Another organization, Marked by Covid — co-founded by Kristin Urquiza, who lost her father to the virus and spoke at the Democratic National Convention — has pushed local and federal officials to establish an annual Covid memorial day, and recently released a sweeping policy platform. (Many members, who have regular advocacy trainings, also push for policies separate from the platform.) Among other things, it calls for a “public health job force” of a million people to perform tasks like contact tracing, a restitution program similar to the September 11th Victim Compensation Fund, and a commission to examine the government’s pandemic response.
The platform from Marked by Covid — which is nonpartisan and has an advisory board of people affected by the virus, mostly women of color — also includes much more contentious proposals, like a federal jobs guarantee, universal health care and child care, medical and student debt cancellation, and a ban on importation of products linked to deforestation. Ms. Urquiza said the idea was to address factors that make pandemics more likely, and to make Americans economically secure enough to weather crises.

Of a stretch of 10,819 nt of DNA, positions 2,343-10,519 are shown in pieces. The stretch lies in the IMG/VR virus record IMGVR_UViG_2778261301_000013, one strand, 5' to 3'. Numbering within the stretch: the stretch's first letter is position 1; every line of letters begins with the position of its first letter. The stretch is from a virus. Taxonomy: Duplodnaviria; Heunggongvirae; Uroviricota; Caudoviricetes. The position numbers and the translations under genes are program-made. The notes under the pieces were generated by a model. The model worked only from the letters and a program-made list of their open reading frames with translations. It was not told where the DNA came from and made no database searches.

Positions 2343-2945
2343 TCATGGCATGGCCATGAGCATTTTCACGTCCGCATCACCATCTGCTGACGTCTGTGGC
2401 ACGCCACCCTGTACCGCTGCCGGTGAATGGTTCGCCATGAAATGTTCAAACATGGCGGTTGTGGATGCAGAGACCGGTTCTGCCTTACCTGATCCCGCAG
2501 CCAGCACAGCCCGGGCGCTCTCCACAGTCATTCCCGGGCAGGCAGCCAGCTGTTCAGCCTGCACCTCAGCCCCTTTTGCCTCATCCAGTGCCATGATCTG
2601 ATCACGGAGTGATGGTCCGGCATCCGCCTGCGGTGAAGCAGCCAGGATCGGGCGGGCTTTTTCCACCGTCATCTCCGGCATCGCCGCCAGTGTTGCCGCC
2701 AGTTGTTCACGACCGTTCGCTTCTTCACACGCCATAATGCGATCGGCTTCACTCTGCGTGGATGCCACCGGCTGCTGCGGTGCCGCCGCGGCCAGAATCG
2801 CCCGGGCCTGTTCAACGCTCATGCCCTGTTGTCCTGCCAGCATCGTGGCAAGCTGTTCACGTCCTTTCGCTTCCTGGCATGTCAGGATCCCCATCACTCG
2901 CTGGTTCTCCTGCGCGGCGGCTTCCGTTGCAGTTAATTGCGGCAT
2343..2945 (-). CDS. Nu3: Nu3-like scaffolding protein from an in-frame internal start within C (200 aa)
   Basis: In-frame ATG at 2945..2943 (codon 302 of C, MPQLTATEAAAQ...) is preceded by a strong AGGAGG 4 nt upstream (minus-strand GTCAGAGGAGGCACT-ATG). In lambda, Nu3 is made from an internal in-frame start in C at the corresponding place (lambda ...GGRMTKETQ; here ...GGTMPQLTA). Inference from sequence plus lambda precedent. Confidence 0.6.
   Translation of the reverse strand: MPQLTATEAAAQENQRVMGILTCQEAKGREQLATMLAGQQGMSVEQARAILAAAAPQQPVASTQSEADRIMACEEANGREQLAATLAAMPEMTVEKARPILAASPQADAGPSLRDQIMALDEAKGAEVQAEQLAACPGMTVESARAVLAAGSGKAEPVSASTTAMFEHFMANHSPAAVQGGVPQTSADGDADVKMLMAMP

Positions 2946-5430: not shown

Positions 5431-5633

“It’s really not only about ensuring that we are responding to the most urgent pieces that are in front of our face right now,” she said.
Covid Survivors for Change, also nonpartisan, has no official platform, though the members who lobbied Congress did so in support of President Biden’s stimulus package. The group has focused primarily on training survivors.
Several members said the virus had drawn them into the political arena in ways that would have shocked them a year ago.
Janis Clark, 65, said her husband, Ron Clark, had always been the politically active one. “Whenever he’d watch politics, it’d be like, ‘Here comes the half-hour dissertation,’” she said, laughing. “I’d get nervous about P.T.A. functions.”
Mr. Clark died on April 23, after two weeks at home with a fever as high as 104 and more than three weeks on a ventilator. He never learned that his daughter was pregnant.
Source: NYT > U.S. > Politics